Ceilings in old houses are almost never flat or level. Often, a ceiling stripped of lath and plaster has joists of different widths or is out of level because of walls that have settled and since been reinforced but not raised. A ceiling 3 in. or 4 in. out of level is not uncommon in older houses.
The leveling method described here results in a perfectly flat ceiling but does nothing to reinforce the structure of the existing ceiling. Where a ceiling is sagging due to major structural problems such as rot, carelessly notched beams, or a sinking foundation, I choose a different approach, which there isn't room to address here.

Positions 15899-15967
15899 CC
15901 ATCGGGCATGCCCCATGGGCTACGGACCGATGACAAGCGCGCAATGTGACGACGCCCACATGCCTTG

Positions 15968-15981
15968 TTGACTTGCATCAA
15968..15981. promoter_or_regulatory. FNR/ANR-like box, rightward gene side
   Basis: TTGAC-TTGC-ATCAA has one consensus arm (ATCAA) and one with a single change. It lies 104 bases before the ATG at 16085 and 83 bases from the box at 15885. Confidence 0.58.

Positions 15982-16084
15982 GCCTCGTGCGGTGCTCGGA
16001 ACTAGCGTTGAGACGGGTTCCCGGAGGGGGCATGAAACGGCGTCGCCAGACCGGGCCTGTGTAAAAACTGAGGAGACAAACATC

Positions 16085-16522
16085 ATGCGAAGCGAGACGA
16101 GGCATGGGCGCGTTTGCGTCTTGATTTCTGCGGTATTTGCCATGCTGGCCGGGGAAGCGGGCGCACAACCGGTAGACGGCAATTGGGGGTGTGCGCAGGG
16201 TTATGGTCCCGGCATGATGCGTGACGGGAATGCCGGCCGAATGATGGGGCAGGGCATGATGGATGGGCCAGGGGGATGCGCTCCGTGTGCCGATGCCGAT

With just one helper, I can fix even the most crooked ceiling in a few hours simply by sistering steel studs to the ceiling joists. It is always worth the time to flatten out a ceiling. I've found that the few hours I spend flattening can save days of aggravation leveling humps with thick coats of joint compound. A flat ceiling makes for a cleaner and easier crown-molding or cabinet installation. My method also is useful when blending an old ceiling to the ceiling of an addition.